• Comment number 6.

    'affordable' is a variable dependent on the willingness of other parties to pay shortfalls by one means or another. Sustainable isnt a variable.

  • Comment number 7.

    This comment was removed because the moderators found it broke the house rules. Explain.

  • Comment number 8.

    Fewer public sector workers through redundancy and early retirements will put a strain on the funding demands and reduce the contributing base cf BBC. The withdrawing from proper schemes whether private or public will have major social policy and political implications and one way or another the state will have to provide either by stepping in or/and meeting a large increase in those claiming means tested benefits. The should be a royal commission on pensions it is a scandal.

  • Comment number 9.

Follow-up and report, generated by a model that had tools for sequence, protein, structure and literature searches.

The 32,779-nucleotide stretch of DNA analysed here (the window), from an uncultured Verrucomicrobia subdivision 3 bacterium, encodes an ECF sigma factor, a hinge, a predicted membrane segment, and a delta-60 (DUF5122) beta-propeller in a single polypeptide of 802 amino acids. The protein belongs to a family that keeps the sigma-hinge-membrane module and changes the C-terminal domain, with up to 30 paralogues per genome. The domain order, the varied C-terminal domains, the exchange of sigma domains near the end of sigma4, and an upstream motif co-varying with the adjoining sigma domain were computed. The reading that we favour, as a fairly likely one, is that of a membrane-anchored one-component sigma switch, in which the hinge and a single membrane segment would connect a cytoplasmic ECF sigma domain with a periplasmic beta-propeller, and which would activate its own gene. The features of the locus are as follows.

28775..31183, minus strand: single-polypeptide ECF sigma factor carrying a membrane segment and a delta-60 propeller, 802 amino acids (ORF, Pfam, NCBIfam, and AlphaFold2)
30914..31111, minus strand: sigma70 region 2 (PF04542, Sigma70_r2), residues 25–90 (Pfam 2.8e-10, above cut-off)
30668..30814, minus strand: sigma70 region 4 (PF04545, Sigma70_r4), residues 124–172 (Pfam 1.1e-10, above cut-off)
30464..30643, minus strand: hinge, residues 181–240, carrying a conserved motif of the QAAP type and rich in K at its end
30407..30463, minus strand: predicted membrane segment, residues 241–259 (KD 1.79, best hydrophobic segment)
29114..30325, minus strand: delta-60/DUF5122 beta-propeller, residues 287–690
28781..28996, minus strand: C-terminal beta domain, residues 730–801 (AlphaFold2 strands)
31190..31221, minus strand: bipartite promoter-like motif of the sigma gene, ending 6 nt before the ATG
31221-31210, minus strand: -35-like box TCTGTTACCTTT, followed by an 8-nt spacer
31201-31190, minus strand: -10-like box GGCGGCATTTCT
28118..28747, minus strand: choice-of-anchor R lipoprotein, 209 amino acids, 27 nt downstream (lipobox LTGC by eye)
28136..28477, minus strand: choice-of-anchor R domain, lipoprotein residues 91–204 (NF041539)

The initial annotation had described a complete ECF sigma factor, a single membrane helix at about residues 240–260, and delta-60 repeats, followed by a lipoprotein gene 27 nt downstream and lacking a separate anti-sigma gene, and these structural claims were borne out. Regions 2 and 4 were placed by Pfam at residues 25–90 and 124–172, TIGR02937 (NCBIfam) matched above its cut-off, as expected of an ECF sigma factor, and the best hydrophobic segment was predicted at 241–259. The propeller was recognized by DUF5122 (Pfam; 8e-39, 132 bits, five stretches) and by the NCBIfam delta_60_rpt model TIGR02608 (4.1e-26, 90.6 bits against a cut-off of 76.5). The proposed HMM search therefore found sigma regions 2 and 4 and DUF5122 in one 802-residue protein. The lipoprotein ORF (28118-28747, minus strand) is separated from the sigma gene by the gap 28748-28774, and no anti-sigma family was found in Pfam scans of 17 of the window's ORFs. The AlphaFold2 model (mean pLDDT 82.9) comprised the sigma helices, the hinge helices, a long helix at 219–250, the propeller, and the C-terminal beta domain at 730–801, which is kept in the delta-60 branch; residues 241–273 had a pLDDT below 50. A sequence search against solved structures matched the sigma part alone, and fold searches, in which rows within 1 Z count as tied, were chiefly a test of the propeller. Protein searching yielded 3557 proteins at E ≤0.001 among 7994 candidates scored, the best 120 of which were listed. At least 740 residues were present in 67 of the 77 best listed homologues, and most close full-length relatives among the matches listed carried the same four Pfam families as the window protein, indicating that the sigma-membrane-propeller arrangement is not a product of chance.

Why does the BBC seem intent on only providing half the story, which is the half that includes all the supposed 'bad' things regarding public sector pensions?
    In your recent blog about this subject you stated that the NHS pension pot carried a surplus of £2.1 billion. Why wasn't/isn't this ever mentioned on your tv broadcasts. Most annoyingly though, last night you raised the specific issue of Police and Firemen (it's been Firefighters for years by the way). Yes, they can retire earlier than most, but why did you conveniently forget to mention that they pay a huge 11% of their salary into their pension, not the 'average' 6%. Yes, it's still a good pension due to employer contributions, but please state all the facts, not just those that appear to be the most scandalous. I am a fire officer in charge of a District of nearly 450 people, 10 fire stations and a budget of £25 million. It would be interesting to see what my salary would be for a similar responsibility in the private sector. You can bet it would be over twice as much as I earn now!! And I've paid 11% of that salary into a pension for over 27 years. I wonder what the BBC employee pension contributions are......???